School Privatizers Join the PAC Game in Tennessee

Back in July, I wrote a post about a newly-created political action committee (PAC) that seemed to be formed by Tennesseans for Student Success. You may recall that Tennesseans for Student Success is the dark money group behind a serious of insidious attacks on any legislator who opposes school privatization.

So, anyway, now they have a cheerily named PAC. Team Kid PAC, they’re calling it. Here’s more from the email they sent announcing this new venture:

Our state has made historic gains in education — twice being named the fastest improving in the nation — but you and our network of parents, teachers, community leaders, and volunteers know we can do better. If we want a better future for our children, we have to elect better leaders. That’s why we formed Team Kid PAC.

The political action committee of Tennesseans for Student Success, we will serve as the ONLY organization that can and will effectively challenge any elected official or candidate who fails to put Tennessee’s students first — regardless of their political party.

Sounds pretty great, right? I mean, they start out the email with a pretty awesome question:

Do you want to secure effective education for all Tennessee students?

I mean, who is saying no to that? Even Gov. Bill Lee claims to want to secure an effective education for all Tennessee students. Heck, the team over at SCORE often claims they want effective education despite any evidence their presence in our state (or policy advocacy) has improved anything except for their payroll.

Here’s the reality: Tennesseans for Student Success spends their time and money attacking lawmakers who stand up for public schools. If you are not on the pro-privatization train, Tennesseans for Student Success is coming after you. Now, they’ll be doing it under the auspices of Team Kid.

Here’s the other reality: Tennessee needs at least $1.7 billion to make our school funding formula adequate. Tennessee has a huge surplus with even more money on the way. Tennessee has a governor who has no plans to use the current surplus to invest in schools.

So, what’s Team Kid PAC/Tennesseans for Student Success saying about Lee’s policy agenda?

Here are some tweets from them (and a bonus from SCORE CEO Dave Mansouri, a teammate of the Team Kid PAC team):

“During the special session we allocated almost $43M for teacher pay raises. This was a step in the right direction, and the budget I’m submitting for your consideration this week recommends an additional $120M be set aside for teacher compensation.” — @GovBillLee #TNSOTS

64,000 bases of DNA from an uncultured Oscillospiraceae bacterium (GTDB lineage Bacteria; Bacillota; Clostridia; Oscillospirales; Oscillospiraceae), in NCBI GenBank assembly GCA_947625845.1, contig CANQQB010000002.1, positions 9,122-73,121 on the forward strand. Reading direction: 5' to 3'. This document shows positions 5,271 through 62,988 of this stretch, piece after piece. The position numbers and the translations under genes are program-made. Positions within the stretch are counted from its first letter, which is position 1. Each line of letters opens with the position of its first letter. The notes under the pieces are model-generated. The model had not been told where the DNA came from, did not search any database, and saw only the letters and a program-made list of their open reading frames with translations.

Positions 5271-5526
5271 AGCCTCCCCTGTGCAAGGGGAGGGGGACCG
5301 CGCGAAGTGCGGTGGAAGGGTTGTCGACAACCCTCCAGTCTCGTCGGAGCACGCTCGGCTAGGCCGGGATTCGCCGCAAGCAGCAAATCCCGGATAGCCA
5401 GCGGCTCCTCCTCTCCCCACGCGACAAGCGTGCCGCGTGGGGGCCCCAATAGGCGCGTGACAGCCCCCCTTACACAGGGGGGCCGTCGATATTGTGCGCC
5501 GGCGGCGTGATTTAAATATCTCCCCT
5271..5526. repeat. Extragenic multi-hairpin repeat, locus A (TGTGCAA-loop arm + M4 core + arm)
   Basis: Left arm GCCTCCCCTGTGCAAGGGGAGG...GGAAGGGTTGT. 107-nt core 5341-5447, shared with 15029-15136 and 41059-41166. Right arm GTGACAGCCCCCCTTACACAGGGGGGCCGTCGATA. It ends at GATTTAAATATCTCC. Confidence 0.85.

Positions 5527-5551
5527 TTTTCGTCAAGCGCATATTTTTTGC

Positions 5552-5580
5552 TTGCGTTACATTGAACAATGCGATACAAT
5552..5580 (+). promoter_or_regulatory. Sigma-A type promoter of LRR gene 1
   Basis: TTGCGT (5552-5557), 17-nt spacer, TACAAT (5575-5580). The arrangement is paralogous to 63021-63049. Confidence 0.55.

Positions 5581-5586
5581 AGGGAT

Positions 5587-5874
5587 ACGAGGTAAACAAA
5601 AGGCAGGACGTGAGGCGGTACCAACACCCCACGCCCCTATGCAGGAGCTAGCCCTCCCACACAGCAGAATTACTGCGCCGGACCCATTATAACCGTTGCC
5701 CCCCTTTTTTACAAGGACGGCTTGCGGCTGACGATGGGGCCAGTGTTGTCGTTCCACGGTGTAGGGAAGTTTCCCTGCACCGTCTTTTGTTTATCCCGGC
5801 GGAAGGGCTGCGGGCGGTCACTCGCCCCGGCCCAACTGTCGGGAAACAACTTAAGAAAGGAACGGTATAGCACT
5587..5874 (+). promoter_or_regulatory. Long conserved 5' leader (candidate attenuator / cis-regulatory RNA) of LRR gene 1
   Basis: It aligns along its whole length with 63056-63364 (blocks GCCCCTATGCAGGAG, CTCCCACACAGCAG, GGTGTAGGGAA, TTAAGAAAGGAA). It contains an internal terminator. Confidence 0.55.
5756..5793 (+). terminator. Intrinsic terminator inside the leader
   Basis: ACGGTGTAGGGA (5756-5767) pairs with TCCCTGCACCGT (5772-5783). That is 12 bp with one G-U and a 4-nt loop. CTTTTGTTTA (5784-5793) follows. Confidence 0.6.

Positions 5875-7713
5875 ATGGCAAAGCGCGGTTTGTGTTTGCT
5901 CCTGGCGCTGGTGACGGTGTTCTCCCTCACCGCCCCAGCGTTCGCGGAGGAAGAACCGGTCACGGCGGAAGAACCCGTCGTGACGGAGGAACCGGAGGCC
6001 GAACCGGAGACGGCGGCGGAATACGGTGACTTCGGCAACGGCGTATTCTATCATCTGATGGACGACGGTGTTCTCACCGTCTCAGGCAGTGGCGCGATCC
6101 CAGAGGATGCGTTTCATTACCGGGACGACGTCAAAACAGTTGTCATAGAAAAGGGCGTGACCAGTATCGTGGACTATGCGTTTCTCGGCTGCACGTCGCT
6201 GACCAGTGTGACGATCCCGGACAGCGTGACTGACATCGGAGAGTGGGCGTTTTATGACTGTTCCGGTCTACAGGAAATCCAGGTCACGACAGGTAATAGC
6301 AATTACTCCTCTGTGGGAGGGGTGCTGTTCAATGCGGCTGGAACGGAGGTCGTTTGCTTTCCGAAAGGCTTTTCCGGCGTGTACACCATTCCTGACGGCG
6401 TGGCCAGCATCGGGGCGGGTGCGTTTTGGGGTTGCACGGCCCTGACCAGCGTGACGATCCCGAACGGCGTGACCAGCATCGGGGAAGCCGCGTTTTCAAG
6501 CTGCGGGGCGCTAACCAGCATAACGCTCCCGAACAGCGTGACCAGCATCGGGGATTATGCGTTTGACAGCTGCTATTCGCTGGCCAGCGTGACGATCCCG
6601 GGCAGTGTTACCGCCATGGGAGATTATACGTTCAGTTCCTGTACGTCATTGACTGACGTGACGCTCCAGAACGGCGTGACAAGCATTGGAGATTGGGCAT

- TN Student Success (@tnstudent) February 9, 2021

On the heels of historic accomplishments that addressed TN’s literacy crisis and took steps to ensure a quality public education for every student, @GovBillLee set a vision for what it means to prepare our students for life beyond the classroom. #TNSOTShttps://t.co/Onabu5AhW7

- TN Student Success (@tnstudent) February 9, 2021

When Lee proposed an underwhelming raise for teachers:

By proposing an extra $120M in teacher pay, @GovBillLee is working to provide stability for our teachers, promote Tennessee’s ability to attract & retain the best educators, & work to give all students the committed, effective teacher they deserve. #TNSOTS https://t.co/Onabu5AhW7

- TN Student Success (@tnstudent) February 9, 2021

And here’s Mansouri, acting like a happy cheerleader after his team scores a touchdown even though they’re still down by 50 points:

Watching @GovBillLee give this year’s State of the State address. Great to hear Governor Lee’s commitment to continued investment in both K-12 and higher education and increases in educator compensation. #tnedu

- David Mansouri (@davemansouri) February 9, 2021

Oh, and about all those so-called “impressive” gains:

The Real Story of NAEP in Tennessee

Regression to the Mean

So, just watch out for Team Kid PAC and their gang of seemingly happy marauders out to derail the legislative career of anyone who dares stand and fight for Tennessee’s public schools.

For more on education politics and policy in Tennessee, follow @TNEdReport

Originally published at http://tnedreport.com on February 19, 2021.

Writer and policy advocate living in Nashville, TN

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